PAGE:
According to another embodiment, disclosed is a packaged device comprising a semiconductor chip having at least two contacts; a voltage variable material adapted for providing electrostatic discharge protection to circuits connected to the packaged device, and a lead frame having two elongated members, where each elongate member has an outer defining a terminal of the packaged device for connection to other circuits, and each elongate member has an inner end for connection to a respective semiconductor chip contact. The inner ends of the respective elongate members define respective fingers. Each lead frame finger has a width about one half a respective width of the terminals, and each lead frame finger is spaced apart from each other by a slot. The slot has an opening for dispensing therethrough a liquefied form of the voltage variable material. The voltage variable material fills a space formed by the semiconductor chip and the lead frame.
According to yet another embodiment of the invention, disclosed is a method of making a packaged device. The method comprises the steps of fastening a semiconductor chip to a lead frame and injecting a voltage variable material through an opening in the lead frame into a pocket formed between the semiconductor chip and the lead frame. The voltage variable material is of the type providing electrostatic discharge protection to circuits connected to the lead frame. The semiconductor chip and a portion of the lead frame are encapsulated with a moldable material in such a manner that the moldable material contacts the voltage variable material only in the opening in the lead frame.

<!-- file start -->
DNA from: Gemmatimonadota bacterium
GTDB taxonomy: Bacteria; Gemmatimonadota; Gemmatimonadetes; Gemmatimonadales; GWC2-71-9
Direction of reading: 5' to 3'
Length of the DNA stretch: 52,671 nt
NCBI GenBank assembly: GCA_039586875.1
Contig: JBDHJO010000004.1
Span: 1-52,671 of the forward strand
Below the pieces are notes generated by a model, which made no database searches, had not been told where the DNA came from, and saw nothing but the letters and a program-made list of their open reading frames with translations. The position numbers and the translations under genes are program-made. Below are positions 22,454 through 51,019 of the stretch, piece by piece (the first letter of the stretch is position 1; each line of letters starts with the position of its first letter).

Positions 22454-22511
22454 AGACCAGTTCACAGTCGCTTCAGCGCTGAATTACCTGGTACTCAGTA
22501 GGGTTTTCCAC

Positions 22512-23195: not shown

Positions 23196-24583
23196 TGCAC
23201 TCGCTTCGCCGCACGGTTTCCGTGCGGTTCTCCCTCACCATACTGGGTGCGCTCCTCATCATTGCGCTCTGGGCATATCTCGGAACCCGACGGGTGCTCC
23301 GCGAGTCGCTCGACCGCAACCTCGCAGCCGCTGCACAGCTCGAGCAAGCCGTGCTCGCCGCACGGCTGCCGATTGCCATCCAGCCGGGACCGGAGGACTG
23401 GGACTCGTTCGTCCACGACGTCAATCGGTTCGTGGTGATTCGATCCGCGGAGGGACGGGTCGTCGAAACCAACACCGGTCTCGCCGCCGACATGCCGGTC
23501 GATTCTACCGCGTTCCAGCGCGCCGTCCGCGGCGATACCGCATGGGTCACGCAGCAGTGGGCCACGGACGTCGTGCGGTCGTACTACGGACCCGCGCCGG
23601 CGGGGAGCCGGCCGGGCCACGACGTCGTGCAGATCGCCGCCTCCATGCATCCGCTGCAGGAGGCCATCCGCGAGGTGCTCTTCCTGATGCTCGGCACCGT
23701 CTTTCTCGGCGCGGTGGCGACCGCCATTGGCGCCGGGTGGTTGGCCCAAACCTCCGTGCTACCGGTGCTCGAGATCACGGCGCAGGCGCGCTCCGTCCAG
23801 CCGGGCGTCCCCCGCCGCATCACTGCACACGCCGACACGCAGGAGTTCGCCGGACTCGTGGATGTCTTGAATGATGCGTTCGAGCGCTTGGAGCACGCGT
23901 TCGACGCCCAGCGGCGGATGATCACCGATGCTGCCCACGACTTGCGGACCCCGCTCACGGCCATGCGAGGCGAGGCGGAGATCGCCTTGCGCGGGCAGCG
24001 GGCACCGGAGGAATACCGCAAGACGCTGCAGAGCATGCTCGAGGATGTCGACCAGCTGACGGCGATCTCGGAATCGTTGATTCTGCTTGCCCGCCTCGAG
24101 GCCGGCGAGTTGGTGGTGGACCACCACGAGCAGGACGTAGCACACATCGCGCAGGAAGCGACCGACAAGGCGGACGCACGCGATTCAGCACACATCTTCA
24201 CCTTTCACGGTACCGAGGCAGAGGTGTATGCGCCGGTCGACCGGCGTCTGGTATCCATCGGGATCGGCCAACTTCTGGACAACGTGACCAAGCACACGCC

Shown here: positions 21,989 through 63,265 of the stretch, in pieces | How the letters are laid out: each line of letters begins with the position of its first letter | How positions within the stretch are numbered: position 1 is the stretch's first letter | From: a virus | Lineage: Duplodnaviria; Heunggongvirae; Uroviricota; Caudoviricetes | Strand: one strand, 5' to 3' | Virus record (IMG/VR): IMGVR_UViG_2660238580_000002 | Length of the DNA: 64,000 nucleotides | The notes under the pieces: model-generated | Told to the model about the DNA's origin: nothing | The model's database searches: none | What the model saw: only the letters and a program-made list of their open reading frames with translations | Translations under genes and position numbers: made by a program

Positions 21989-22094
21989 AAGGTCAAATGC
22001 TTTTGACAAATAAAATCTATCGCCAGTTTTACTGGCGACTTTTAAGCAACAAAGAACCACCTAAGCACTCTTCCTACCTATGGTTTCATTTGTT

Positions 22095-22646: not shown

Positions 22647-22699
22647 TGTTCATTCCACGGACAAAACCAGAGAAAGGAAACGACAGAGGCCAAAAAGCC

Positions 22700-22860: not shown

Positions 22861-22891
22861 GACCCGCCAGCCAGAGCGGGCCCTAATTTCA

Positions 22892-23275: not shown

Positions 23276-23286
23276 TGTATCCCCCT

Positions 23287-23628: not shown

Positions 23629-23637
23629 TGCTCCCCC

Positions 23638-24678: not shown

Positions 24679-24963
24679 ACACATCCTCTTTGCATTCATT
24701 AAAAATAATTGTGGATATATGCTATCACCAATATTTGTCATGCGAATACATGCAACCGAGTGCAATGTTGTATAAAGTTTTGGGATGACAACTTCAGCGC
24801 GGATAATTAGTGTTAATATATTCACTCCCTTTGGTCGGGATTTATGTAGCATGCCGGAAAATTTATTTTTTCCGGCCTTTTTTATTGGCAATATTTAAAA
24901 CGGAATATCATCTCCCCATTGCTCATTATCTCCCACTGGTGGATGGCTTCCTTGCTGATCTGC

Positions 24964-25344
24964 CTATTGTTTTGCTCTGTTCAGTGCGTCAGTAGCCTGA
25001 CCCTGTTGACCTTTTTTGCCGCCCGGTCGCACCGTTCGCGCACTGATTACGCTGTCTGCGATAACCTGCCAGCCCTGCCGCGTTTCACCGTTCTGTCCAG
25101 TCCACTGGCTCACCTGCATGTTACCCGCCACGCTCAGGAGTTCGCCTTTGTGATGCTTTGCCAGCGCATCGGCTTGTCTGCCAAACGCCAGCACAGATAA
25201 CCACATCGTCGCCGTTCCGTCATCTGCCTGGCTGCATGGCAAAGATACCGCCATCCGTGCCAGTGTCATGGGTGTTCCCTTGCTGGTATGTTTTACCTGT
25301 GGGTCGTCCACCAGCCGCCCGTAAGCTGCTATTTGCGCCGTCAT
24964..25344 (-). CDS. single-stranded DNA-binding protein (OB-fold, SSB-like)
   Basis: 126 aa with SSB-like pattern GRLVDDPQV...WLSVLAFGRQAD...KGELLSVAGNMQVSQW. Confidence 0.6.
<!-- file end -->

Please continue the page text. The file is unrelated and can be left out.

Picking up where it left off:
Further features and advantages will become apparent from the following and more particular description of the preferred and other embodiments of the invention, as illustrated in the accompanying drawings in which like reference characters generally refer to the same parts, functions or elements throughout the views, and in which:
With reference to